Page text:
Instead of sending Tom Hanks, Tim Allen, and John Ratzenberger scripts for their consideration in reprising their roles, a complete story reel of the film was shown to the actors in a theater. The reel was made up of moving storyboards with pre-recorded voices, sound effects, and music. At the conclusion of the preview, the actors signed onto the movie.
Dolby Laboratories announced that Toy Story 3 would be the first film that will feature theatrical 7.1 surround sound audio.
The entire cast all reprised their voice-over roles from the previous films. Jim Varney, who played Slinky Dog in the first two movies, and Joe Ranft, who played Wheezy and Lenny, both died before production began on the third film. The role of Slinky was succeeded by Blake Clark, while Ranft's characters and various others were written out of the story (for example, Wheezy, Etch, Bo Peep, and others are mentioned in the beginning as having been sold or given away). Molly reappears as well, but this time as a pre-teen and voiced by Beatrice Miller. Laurie Metcalf also reprises her role as Ms. Davis, who is now a bit older. New characters include voiceovers by Ned Beatty, Michael Keaton, John Cygan, Jack Angel, Jan Rabson, Whoopi Goldberg, Richard Kind, Teddy Newton, Timothy Dalton, Jeff Garlin, Bonnie Hunt, Kristen Schaal, Charlie Bright, Amber Kroner, Brianna Maiwand, and Bud Luckey.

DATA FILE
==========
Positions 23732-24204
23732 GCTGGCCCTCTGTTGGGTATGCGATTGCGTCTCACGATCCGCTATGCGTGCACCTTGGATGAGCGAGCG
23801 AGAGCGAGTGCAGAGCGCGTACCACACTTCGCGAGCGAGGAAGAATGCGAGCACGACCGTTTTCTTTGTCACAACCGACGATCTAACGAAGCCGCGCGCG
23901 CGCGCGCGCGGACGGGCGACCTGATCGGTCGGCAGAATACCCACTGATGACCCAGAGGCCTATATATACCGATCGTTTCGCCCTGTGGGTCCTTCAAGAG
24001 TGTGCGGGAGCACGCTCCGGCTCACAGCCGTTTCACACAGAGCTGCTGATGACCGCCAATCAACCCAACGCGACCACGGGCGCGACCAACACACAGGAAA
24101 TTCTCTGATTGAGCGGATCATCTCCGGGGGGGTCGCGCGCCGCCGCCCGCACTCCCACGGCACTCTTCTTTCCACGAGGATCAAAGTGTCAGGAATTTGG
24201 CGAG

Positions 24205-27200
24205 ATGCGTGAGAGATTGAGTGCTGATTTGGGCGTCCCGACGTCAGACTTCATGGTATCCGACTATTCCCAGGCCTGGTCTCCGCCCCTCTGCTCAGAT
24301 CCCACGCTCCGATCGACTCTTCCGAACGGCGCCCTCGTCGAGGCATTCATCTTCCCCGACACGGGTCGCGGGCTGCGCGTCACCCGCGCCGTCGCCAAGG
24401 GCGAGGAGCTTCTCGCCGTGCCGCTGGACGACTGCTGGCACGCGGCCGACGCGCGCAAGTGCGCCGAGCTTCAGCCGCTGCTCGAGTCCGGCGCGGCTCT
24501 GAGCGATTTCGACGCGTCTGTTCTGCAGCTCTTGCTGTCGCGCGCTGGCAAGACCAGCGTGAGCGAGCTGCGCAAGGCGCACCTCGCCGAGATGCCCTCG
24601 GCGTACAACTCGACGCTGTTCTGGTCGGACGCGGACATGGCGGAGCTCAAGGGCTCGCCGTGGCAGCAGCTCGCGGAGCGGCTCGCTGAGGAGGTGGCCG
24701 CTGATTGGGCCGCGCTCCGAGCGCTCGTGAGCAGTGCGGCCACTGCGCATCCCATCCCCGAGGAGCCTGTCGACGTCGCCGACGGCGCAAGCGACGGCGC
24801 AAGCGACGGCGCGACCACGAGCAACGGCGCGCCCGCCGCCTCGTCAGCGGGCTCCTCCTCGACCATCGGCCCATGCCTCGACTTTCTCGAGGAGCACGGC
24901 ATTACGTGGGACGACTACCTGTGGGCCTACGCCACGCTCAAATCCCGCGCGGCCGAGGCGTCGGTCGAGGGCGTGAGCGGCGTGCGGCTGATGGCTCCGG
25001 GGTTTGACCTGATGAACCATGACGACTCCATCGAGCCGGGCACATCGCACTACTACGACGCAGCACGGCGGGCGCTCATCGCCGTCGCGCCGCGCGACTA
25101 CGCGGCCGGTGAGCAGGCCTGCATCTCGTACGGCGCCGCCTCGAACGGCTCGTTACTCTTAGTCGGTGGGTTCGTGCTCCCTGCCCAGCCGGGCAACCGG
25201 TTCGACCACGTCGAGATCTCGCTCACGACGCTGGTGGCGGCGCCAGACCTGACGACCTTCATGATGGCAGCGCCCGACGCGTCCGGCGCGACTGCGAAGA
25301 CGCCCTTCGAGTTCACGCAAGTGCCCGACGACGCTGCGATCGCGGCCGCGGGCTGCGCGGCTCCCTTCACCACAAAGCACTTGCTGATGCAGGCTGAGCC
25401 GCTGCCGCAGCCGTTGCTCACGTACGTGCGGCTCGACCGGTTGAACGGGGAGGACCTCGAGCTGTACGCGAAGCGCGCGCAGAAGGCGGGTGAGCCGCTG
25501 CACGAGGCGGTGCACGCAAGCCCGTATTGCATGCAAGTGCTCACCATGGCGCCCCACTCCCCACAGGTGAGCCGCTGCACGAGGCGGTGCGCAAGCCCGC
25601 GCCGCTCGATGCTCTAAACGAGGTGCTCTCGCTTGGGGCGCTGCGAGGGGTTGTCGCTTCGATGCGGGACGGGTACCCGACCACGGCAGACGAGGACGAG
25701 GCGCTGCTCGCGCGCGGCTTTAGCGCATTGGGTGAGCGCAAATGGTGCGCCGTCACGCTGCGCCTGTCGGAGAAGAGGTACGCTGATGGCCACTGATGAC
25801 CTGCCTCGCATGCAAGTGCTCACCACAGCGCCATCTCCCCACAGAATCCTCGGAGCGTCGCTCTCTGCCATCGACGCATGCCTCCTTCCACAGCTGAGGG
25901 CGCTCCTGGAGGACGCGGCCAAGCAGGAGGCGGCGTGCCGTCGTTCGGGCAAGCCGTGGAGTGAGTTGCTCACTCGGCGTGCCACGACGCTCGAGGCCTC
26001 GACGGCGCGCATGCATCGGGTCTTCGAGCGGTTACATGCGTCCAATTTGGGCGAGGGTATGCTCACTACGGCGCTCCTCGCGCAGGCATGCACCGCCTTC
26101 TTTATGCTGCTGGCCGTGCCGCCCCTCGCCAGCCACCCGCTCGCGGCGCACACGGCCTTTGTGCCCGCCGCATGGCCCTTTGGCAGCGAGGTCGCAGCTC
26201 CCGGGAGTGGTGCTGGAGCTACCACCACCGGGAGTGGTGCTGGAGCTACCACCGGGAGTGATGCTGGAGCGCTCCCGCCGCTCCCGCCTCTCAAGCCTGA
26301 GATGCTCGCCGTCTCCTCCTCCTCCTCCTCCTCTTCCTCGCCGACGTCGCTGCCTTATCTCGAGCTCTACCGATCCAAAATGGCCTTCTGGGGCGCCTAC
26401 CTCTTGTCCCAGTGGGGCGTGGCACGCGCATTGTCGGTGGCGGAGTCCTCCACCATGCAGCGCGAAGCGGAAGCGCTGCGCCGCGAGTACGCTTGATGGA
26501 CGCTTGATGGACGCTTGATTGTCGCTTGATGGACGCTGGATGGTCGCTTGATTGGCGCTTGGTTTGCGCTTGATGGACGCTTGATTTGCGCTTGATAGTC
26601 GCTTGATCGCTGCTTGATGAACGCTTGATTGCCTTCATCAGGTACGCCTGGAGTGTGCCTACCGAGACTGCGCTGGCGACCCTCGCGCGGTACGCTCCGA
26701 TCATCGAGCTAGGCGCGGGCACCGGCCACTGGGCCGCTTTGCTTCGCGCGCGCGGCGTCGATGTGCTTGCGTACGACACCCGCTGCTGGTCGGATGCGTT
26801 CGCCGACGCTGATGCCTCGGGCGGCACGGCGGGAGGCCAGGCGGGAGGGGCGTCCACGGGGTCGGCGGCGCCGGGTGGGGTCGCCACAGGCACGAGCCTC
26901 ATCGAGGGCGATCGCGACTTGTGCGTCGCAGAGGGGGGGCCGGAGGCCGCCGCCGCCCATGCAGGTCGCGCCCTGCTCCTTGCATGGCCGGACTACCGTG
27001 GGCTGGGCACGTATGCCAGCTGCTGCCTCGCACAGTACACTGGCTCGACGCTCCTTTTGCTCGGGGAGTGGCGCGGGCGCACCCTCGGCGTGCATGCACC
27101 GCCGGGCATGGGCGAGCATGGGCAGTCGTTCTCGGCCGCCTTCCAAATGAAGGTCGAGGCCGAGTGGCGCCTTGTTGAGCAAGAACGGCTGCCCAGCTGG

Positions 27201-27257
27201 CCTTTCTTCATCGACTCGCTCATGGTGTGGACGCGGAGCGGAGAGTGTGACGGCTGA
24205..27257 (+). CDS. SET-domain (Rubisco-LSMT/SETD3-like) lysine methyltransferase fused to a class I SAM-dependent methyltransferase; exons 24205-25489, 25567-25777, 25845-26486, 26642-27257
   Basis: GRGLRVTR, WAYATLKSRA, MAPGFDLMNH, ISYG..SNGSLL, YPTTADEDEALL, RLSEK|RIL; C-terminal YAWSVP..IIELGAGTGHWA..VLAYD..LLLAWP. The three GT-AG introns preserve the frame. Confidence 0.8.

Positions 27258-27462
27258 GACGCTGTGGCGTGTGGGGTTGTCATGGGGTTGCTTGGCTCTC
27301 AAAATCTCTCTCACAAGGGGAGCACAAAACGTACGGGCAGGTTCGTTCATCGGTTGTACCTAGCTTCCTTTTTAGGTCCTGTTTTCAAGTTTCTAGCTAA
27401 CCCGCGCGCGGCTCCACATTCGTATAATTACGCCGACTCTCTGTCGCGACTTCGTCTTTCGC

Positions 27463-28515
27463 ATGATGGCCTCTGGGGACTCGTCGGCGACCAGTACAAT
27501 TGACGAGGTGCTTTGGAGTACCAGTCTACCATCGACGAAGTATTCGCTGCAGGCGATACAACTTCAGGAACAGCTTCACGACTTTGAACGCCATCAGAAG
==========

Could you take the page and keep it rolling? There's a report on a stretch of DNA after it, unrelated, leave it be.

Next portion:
The film's first teaser trailer was released with the Disney Digital 3-D version of the film Up on May 29, 2009. On October 2, 2009 Toy Story and Toy Story 2 were re-released as a double feature in Disney Digital 3-D. The first full-length trailer was attached as an exclusive sneak peek and a first footage to the Toy Story double feature, on October 12, 2009. A second teaser was released on February 10, 2010, followed by a second full-length trailer on February 11 and appeared in 3D showings of Alice in Wonderland. On March 23, 2010, Toy Story was released on Blu-ray/DVD combo pack which included a small feature of "The Story of Toy Story 3". Also, Toy Story 2 was released on that day in the same format. On May 11, 2010, both films had a DVD-only re-release which contained the features.
Mattel, Thinkway Toys, and Lego are among those who will make toys to promote the film. Disney Interactive Studios also produced a video game based on the film which was released on June 15, 2010.